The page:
As discussed in more detail below, the set of probes corresponding to weakly expressed or not expressed genes in these experiments depends on the sensitivity of the detection method used. Nevertheless, the proportion of OR genes considered to be expressed at detectable levels in this study is consistent with previous suggestions that up to 76% of OR genes are expressed at a detectable level in the human olfactory epithelium .
• Statistical analysis (t-test)
We performed a statistical analysis (t-test, p value < 0.01) to identify genes that were differentially expressed between animals from two different suppliers and between males and females.
Genes differentially expressed in the olfactory epithelia of rats from different suppliers
Fold difference Charles River/Janvier
period homolog 3
hippocampus abundant transcript-like 1
period homolog 3
D site of albumin promoter (albumin D-box) binding protein
RAB3 GTPase activating protein subunit 2
natriuretic peptide precursor C
chemokine (C-X-C motif) ligand 1
Genes differentially expressed in the olfactory epithelia of male and female rats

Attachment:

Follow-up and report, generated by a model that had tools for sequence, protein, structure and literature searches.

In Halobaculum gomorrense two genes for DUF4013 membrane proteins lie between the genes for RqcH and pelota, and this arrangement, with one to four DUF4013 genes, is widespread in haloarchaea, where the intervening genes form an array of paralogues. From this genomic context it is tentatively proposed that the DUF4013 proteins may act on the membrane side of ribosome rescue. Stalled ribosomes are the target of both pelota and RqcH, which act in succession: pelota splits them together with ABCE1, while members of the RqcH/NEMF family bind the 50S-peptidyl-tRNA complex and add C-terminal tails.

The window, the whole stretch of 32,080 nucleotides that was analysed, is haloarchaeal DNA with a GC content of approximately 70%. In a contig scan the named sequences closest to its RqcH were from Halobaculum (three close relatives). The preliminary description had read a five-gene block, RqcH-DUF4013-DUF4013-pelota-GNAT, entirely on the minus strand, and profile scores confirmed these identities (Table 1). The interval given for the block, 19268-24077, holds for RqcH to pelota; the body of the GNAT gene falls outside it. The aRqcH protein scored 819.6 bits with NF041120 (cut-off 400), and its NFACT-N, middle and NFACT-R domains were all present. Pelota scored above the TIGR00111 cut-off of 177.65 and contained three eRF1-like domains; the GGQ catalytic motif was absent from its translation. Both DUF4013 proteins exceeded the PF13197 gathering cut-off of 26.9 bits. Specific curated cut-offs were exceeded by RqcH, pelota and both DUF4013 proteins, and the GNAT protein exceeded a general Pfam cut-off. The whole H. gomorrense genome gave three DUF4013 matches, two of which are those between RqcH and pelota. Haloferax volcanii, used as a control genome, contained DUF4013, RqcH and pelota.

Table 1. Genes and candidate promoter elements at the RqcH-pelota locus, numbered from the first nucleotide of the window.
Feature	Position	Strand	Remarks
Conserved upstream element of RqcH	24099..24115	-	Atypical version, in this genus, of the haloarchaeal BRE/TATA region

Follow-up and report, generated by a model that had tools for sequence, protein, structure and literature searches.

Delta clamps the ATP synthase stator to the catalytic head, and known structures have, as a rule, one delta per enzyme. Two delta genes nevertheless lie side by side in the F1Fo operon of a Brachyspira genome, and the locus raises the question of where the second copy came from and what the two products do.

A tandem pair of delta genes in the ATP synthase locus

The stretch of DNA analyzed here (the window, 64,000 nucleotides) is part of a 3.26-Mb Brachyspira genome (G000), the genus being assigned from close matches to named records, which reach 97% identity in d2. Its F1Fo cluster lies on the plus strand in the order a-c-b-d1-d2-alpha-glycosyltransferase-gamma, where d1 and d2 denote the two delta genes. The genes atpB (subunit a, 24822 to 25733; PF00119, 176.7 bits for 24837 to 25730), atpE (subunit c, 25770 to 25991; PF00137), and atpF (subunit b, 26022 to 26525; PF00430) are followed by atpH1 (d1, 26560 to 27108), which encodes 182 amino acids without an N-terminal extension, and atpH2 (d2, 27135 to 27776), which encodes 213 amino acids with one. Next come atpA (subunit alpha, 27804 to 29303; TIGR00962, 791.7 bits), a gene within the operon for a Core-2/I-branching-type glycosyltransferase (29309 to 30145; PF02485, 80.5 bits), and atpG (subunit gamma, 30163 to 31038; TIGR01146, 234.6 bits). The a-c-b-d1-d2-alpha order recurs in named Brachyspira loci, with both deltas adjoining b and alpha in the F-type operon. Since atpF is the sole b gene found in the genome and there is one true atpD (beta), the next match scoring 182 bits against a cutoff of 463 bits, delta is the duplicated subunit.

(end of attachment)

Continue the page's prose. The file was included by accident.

Fold difference Female/Male
ubiquitously transcribed tetratricopeptide repeat, X chromosome
coiled-coil domain containing 39
eukaryotic translation initiation factor 2, subunit 3, structural gene X-linked
eukaryotic translation initiation factor 2, subunit 3, structural gene X-linked
We performed hierarchical clustering and principal component analysis for the whole set of expressed gene transcripts and with OR genes only (data not shown). The absence of clear clustering using either of these two approaches, together with only a very small number of genes identified in the t-test analysis, clearly demonstrates that all animals expressed essentially the same genes to similar levels, regardless of their origin and sex.
• Real-time reverse-transcription PCR analysis (RTqPCR)
II - Changes in mRNA profile with aging
Comparison of the lists of gene transcripts and OR gene transcripts only showed that a vast majority of them are common to all three age groups. However, there are some notable differences between newborn and the two other groups: 332 OR genes were expressed by adults and older animals but not by newborn rats and nine OR genes were expressed by all newborn rats only (see Venn diagrams in additional file 2). Considering each litter separately, between 15 and 23 OR genes (depending upon the litter) were identified as expressed in newborns only (additional file 3).
OR genes upregulated in newborns
L1 vs Adult
L1 vs Old
L2 vs Adult
L2 vs Old
L3 vs Adult
L3 vs Old
L4 vs Adult
L4 vs Old
Adult vs Old
These findings -- the results of the statistical analysis (t-test; Table 3) identifying eight OR genes more strongly expressed in newborn rats than in adults, the results of RTqPCR, showing five genes overexpressed in newborn rats (Figure 10) and those presented in Figure 6 (n = 3) -- suggest that a small set of OR genes are more strongly expressed in newborn animals, with the vast majority expressed at a lower level in these animals.